Marcus Dussard is sales director at Hampshire Trust Bank
In times gone by, whispers of any new innovation often emerged with a tangible sense of intrigue but has it now simply become a buzzword for the masses?
So, in the spirit of science and technology I thought I would undertake a highly scientific test of my own to see just how obsessed we have become with the word innovation.
With that in mind I opened Google – other browsers are readily available – clicked on the news tab and, you guessed it, searched for innovation. This generated about 388,000,000 results (0.24 seconds). In contrast, a search of evolution generated about 180,000,000 results (0.38 seconds).
Google also highlighted many definitions of the word, all of which are very unspecific in their own ways. Of course, this is a highly subjective word which, quite rightly, produces plenty of discussion and debate. In short, it can mean many different things to many different people but, as with most things in life, overuse will inevitably blunt any originality if we are not careful.
In the mortgage market we can often get carried away with talk of innovative new products but how much of this is actually innovation rather than evolution?
Taking this back to basics, a mortgage is mortgage. No matter how we dress this up or how many bells and whistles we attach to it – it is what it is. When it comes to mortgage products, the industry has developed and delivered so much over the years that we are now severely limited to what can be classed as ‘new’. And ‘new’ is a fundamental element in my personal definition of innovation.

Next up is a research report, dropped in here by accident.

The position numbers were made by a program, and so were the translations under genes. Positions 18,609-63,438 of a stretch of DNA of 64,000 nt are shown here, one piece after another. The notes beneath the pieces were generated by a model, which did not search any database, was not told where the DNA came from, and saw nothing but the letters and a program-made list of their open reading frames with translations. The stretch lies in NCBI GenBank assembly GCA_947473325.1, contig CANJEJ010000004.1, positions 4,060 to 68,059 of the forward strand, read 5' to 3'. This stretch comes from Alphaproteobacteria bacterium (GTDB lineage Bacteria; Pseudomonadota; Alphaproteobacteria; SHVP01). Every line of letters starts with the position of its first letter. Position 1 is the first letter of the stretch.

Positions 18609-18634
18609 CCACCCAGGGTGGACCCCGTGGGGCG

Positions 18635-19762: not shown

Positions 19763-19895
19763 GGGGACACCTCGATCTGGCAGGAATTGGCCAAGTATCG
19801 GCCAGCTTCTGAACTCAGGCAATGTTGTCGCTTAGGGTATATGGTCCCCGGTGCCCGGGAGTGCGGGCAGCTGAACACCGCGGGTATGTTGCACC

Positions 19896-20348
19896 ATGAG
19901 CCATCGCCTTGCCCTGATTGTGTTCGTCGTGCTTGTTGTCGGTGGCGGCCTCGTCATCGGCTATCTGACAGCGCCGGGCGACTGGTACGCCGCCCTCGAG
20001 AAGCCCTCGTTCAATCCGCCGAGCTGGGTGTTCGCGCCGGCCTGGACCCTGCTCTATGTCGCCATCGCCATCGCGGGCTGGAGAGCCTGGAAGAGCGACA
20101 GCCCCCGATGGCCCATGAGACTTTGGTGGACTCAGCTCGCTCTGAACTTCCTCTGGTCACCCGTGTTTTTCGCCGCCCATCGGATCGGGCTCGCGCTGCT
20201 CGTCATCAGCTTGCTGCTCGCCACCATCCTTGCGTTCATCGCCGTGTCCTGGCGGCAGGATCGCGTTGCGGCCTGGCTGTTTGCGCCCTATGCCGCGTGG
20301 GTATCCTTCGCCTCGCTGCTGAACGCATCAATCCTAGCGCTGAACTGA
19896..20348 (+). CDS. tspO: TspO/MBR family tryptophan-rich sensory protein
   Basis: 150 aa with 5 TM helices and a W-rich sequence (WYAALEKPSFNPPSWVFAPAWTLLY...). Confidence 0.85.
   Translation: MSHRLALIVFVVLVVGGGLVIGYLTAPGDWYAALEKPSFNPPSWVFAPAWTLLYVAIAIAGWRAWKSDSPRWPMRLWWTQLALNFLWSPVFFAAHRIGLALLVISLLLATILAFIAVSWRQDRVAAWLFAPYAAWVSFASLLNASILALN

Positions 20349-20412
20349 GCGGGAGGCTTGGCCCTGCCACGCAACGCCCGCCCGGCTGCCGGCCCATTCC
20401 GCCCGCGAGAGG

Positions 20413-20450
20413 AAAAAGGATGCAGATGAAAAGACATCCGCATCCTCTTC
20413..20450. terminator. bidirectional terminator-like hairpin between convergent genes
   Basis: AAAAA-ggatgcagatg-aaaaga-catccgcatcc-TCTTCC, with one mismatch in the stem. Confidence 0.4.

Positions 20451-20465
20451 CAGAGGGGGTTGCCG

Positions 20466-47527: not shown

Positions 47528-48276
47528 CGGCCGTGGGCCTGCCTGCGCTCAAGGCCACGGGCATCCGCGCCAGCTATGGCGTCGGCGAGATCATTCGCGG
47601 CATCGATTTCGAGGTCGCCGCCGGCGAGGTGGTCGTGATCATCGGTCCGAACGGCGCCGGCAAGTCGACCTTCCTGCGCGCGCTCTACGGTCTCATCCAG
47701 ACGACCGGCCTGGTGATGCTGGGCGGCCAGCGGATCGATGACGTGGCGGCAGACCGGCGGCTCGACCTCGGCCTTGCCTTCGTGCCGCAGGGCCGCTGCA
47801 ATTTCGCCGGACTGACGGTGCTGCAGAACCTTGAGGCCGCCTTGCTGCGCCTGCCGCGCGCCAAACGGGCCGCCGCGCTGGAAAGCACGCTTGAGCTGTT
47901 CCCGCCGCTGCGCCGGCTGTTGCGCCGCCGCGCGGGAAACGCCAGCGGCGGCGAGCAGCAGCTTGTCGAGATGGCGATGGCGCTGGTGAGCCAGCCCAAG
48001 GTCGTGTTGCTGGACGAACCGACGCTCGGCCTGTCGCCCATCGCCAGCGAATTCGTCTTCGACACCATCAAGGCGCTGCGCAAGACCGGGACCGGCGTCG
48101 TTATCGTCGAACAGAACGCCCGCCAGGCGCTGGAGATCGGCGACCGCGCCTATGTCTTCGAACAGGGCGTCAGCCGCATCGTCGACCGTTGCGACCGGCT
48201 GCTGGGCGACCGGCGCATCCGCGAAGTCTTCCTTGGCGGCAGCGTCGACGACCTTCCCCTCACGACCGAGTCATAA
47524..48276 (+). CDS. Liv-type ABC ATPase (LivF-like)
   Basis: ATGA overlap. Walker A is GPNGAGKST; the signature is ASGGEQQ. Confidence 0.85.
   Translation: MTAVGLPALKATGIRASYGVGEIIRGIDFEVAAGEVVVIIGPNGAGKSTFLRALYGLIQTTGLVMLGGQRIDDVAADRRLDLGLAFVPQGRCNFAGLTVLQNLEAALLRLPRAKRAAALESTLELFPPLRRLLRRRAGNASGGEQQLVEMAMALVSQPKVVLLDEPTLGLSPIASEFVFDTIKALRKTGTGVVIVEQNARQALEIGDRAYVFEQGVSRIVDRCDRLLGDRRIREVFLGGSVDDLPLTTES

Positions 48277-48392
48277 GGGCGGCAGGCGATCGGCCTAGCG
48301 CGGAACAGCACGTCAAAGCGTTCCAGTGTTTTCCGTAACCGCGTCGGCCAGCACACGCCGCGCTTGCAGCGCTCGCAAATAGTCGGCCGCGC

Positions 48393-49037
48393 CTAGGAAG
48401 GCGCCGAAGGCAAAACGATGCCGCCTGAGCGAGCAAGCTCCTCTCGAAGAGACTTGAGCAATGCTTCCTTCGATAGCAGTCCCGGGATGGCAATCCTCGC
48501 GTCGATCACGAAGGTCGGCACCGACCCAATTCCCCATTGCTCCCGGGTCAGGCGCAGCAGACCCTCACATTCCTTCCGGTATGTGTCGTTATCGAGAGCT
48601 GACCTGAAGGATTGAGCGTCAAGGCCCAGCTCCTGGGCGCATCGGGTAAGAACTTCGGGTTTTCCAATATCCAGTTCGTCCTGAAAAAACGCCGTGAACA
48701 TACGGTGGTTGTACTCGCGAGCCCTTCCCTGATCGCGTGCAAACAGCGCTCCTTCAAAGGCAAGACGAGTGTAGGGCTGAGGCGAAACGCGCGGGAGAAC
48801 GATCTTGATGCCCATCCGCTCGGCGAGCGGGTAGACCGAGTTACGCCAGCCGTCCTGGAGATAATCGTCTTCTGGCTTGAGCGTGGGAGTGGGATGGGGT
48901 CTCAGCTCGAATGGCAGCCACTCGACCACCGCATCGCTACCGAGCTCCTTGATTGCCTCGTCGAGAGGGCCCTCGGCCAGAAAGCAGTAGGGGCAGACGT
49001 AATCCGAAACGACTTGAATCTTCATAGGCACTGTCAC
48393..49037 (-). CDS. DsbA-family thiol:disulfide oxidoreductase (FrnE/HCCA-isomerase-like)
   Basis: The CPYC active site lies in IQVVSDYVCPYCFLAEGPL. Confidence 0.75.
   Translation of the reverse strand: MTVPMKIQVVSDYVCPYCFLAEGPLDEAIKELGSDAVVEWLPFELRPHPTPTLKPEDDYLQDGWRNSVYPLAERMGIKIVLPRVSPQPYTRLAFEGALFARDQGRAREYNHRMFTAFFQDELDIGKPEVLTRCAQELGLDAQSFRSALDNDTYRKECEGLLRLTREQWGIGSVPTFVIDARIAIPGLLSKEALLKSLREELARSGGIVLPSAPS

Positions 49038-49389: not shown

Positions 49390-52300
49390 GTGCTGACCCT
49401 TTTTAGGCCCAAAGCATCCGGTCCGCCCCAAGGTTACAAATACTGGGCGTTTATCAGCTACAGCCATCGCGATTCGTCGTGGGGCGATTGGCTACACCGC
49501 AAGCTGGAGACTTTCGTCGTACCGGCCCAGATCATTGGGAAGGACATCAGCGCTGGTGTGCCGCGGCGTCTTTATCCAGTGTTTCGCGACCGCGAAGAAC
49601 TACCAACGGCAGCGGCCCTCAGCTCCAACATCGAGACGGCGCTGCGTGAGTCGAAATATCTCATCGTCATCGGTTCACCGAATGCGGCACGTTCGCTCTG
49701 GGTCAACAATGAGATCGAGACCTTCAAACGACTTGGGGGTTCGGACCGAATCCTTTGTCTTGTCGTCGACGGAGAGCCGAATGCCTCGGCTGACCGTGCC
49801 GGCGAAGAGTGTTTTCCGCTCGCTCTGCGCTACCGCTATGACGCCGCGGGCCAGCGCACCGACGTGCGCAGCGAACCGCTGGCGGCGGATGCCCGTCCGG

Which means that I tend to take any announcement around product innovation with a little pinch of salt. After all, is a five-year fixed rate with a two-year early repayment charge which allows people to do a light refurb and still move onto the term product classed as innovative? Some people may deem it as this, personally I think it tends to fall more in the product evolution category. By the way, I am referring to our 5:2 product.
Another example is how we look at our holiday let product as, in many ways, this sums up what HTB is all about. We approach this by approaching local letting agents and collating information about the high, medium and low seasons with variable occupancy rates – essentially data points which are specific to that locality. Meaning that how we assess a holiday let in the Lake District will be completely different to Cornwall or Central London.
Which again leads to the question – should such an approach be classed as innovative or evolutionary?
Specialist lenders are often classed as innovators but, in many ways, we’re not trying to reinvent the wheel. From a HTB perspective, it’s all about the criteria and those little nuances that we can find on a case-by-case basis to drive a borrower to the right solutions, and for us to deliver the right result in a responsible manner.
The next time you see the word innovation in a headline, maybe ask yourself what it actually means to you. There may be no right or wrong answer but it’s never a bad thought-process or conversation to have.